We were also the generation who saw an explosive increase in processed foods. Mashed potato was replaced by instant “smash”, made from dehydrated potato flakes, and gravy became hydrolysed vegetable protein. Whole fruit was replaced by cartons of reconstituted juice. Ice cream (once made from cream and sugar) became a concoction of skimmed milk powders, vegetable fats, stabilisers, emulsifiers, artificial colours and flavours. We obtained our protein from nitrite-preserved bacon, frozen meat patties and orange-crumbed fish fingers.
Do you remember attending aerobics classes, decked out in sweatbands and fluorescent leg-warmers like the kids from Fame? And attempting to work out exactly how many Calories one had worked off, and whether we could allow ourselves a coke? Or were you trying to cut down on sugar and going with the Diet variety?
I’ve been reminded of all this while reading “The Obesity Code” by Jason Fung, a fascinating book which comprehensively sets out the state of current knowledge on the causes of obesity – and how completely, horrifically, wrong we were.
Turns out it wasn’t the fat that was making us fat. Apparently it’s raised insulin levels that are to blame, and what causes raised insulin levels? You guessed it, all the refined carbs and sugars in the highly processed junk we’d been conned into thinking was healthy. And no, the massive fructose hits in our fruit juices weren’t doing us any good either.
Oh yeah, and there’s some new stuff in this book, too. If you’re thinking to go on the paleo diet, or keto, it turns out animal proteins (thought to be low GI and hence healthy) cause insulin secretion too. As do artificial sweeteners.
Perhaps the most important (and neglected) piece of wisdom in this book is this: it is not only what we eat that is important, but when. If we snack between meals, we are creating constant insulin hits and not allowing our bodies to cycle into a low insulin state.
Apparently, if we want to lose some fat, the best way is to periodically fast. By eating normally some days and fasting on others we avoid the fall in metabolic rate which scupper our efforts at dieting by a daily reduction in calories.
So yeah, it seems we should have been listening to the advice of our parents, grandparents, and great-grandparents to the nth degree. Cut down on sugar, eat whole, natural foods (none of this processed junk) and a moderate amount of (full fat) animal produce. Don’t snack between meals and follow feasting with fasting.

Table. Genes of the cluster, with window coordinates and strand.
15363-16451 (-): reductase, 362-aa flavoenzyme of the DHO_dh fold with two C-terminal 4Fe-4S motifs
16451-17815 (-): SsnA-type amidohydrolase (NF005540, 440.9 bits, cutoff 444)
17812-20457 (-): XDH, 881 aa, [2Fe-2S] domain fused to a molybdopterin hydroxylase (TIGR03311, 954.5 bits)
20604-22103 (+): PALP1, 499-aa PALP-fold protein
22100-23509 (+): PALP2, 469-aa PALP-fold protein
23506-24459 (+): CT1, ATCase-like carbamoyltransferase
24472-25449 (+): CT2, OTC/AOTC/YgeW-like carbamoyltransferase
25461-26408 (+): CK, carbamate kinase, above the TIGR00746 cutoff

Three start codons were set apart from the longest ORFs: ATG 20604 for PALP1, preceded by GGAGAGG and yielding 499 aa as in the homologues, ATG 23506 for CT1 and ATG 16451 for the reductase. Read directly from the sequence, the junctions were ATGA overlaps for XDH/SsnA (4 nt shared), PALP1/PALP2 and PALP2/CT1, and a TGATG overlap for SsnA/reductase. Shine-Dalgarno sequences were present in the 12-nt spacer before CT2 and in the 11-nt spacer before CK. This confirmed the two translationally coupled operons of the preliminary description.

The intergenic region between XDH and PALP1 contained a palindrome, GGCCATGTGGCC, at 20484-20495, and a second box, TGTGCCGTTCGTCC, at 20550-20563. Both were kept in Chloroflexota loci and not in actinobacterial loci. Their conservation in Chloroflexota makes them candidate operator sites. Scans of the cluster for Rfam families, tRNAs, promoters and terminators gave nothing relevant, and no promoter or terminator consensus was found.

And here’s the thing which I can’t quite get my head around, as a member of my generation:
We are allowed to eat butter (and lard and dripping), the crispy chicken skin and the pork crackling.
Yes, really, I kid you not. Go on, I dare you…
I really enjoyed this.
The author has taken the state of current understanding of human evolution, of world history and of major religions, together with the basics of capitalism and the scientific revolution, and drawn it all together into a single history of our species.
And it’s so readable! Not repetitive or bogged down with excessive footnotes and references – just packed with insight into why the world has become what it is today.
A fascinating and remarkable book, I wish I’d picked it up sooner.
Yeah, I haven’t been blogging. To tell the truth my mental health hasn’t been the best recently. Which makes it hard to be interested in anything much, except trying to work out why, and what to do about it. I resent how introspective that makes me, how self-absorbed, but that seems to be the nature of the beast. Besides, how else do you battle an invisible monster but by throwing a bucket of paint over it? So everything (and everybody) gets shoved off to the side, just to find enough headspace to function at a basic level, and work out what else I can try.
One thing that’s become apparent (and I think it’s worth exploring enough to write it down) is that for all I’ve said about autism acceptance, I haven’t truly accepted my own. And therein lies the problem. Let me explain…
It was a field course for work that finally opened my eyes to the connection between AS and my mental health issues – stretching myself too far to overcome the one plainly and directly resulted in the other. It was a painful sort of Eureka moment. So here was the answer, the reason for my struggles: the strategy of pushing through autism issues and striving to do the same as everyone else, which might have worked OK when I was younger, is simply not working for me anymore. It’s making me ill. I can’t keep doing that to myself.
But. But. But.
You see, now I have a problem.
If I’m correct, the only way to maintain good mental health is going to be acceptance of some very uncomfortable truths. Not truths I want to take on board at all. When you read the below, humour me and try putting yourself in my shoes. How would you feel if you were forced to…?
I never know quite how my posts come across, but if you’re getting an angry vibe from this, you’re spot on. Being forced to face up to the above points is seriously pissing me off; it’s not something I ever thought I’d have to do, and I resent being pushed to this point. In modern parlance, it sucks big time.
So yes, I’m all for autism acceptance in general, and I’d surely accept the condition well enough in others. It’s just when things get personal that I fail the acceptance test.
Brought home this today:
I’m told she’s a cross between an English sheepdog and a Southern Chinese Shar Pei, which is weirdly appropriate.
“Tendency to be stubborn and wilful, might not get on well with other dogs.”
Oh boy. Like I needed another one…